Persona management software can pre-age accounts and simulate the activity of attending a conference automatically to make it more convincing that they are genuine. At HBGary employees are given separate thumb drives that contain online accounts for individual identities and visual cues to remind the employee which identity they are using at the time.
Mass letters may be printed on personalized stationary using different typfaces, colors and words to make them appear personal.
According to an article in The New York Times, the Federal Trade Commission rarely enforces its astroturfing laws. However, astroturfing operations are frequently detected if their profile images are recognized or if they are identified through the usage patterns of their accounts. Indiana University developed software in 2010 that detects astroturfing on Twitter by recognizing behavioral patterns.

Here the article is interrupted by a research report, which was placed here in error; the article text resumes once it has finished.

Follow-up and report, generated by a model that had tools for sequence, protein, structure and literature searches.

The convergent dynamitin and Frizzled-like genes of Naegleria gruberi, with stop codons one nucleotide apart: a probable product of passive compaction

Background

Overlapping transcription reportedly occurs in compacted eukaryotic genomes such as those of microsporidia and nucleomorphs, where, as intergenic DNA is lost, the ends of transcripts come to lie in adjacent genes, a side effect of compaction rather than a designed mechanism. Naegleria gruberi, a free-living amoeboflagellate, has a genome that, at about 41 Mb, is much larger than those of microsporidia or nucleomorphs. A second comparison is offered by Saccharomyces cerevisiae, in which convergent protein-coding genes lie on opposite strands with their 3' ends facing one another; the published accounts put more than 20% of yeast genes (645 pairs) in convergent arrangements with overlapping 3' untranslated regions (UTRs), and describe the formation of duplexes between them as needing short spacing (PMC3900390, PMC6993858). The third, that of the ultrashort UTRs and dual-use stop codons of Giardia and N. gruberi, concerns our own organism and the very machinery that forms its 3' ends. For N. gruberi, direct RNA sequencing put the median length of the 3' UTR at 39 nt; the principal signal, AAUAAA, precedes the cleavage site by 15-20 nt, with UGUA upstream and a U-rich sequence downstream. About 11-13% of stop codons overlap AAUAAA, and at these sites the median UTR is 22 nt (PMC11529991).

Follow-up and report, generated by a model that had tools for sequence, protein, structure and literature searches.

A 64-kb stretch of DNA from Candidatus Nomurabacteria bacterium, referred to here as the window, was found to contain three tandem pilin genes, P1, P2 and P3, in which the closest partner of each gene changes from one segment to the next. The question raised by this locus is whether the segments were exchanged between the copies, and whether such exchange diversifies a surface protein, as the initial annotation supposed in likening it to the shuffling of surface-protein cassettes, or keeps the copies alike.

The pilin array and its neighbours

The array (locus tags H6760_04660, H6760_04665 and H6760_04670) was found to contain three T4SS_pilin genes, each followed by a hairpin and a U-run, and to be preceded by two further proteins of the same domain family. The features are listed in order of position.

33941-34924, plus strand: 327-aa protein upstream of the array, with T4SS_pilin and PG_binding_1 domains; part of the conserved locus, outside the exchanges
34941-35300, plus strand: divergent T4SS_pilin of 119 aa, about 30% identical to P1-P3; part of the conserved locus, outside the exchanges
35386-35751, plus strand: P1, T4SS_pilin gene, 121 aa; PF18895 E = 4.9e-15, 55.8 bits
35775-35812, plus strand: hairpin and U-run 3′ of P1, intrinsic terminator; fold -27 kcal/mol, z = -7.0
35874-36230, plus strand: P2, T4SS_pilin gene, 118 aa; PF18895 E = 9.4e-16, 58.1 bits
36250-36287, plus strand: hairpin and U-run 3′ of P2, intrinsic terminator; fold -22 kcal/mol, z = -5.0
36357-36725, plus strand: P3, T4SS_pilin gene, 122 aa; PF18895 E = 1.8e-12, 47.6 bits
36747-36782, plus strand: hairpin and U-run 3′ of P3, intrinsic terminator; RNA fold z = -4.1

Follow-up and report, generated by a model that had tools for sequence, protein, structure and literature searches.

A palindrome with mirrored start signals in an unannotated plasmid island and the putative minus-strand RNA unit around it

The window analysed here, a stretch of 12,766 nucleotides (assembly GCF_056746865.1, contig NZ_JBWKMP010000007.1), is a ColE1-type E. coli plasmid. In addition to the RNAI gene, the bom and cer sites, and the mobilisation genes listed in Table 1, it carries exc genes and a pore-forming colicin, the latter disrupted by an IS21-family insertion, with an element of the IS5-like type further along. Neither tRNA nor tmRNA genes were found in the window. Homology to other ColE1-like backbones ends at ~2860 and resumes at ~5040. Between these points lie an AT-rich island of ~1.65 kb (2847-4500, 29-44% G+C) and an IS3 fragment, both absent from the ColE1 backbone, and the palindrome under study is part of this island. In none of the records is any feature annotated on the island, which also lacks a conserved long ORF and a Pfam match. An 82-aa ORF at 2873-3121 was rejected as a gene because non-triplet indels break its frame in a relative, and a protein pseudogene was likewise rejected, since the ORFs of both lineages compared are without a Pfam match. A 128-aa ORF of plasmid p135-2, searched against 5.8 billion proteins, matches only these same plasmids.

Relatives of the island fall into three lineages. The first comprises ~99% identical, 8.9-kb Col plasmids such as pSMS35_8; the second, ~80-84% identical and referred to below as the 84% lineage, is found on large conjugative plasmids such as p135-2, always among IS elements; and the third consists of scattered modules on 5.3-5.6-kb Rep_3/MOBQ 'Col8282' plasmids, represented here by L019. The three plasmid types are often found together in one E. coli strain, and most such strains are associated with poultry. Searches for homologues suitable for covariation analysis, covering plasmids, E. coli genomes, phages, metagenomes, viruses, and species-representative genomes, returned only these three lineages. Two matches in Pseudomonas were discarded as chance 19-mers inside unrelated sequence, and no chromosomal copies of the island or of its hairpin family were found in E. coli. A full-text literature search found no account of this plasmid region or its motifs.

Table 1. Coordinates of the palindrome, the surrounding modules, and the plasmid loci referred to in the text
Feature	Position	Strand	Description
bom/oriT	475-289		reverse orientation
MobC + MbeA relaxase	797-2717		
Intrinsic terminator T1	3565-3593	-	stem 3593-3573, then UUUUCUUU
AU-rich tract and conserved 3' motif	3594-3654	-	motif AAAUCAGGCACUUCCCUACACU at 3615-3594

According to Nancy Clark from Precision Communications, grass-roots specialists charge $25 to $75 for each constituent they convince to send a letter to a politician. Paid online commentators in China are paid fifty cents a post for each post that remains without being flagged by moderators. The New York Times reported that a business selling fake online book reviews charged $999 for 50 reviews and made $28,000 a month shortly after opening.
History of astroturfing 
The term "astroturfing" was first coined in 1985 by then-US Senator Lloyd Bentsen (D–Texas) when he said, "a fellow from Texas can tell the difference between grass roots and AstroTurf... this is generated mail". Bentsen was describing a "mountain of cards and letters" sent to his office to promote insurance industry interests. Although the term was coined relatively recently, the practice has a very long history. For instance, in Act 1, Scene 2 of Shakespeare's play Julius Caesar, Cassius wrote fake letters from "the public" to convince Brutus to assassinate Caesar. In the early 1900s a disposable cup vendor convinced travelers to avoid public drinking cups found in trains and shops through a pamphlet called The Cup Campaigner, urging readers to avoid the spread of disease. The publisher was included on the back of the pamphlet, but most readers didn't know it was published by a commercial interest.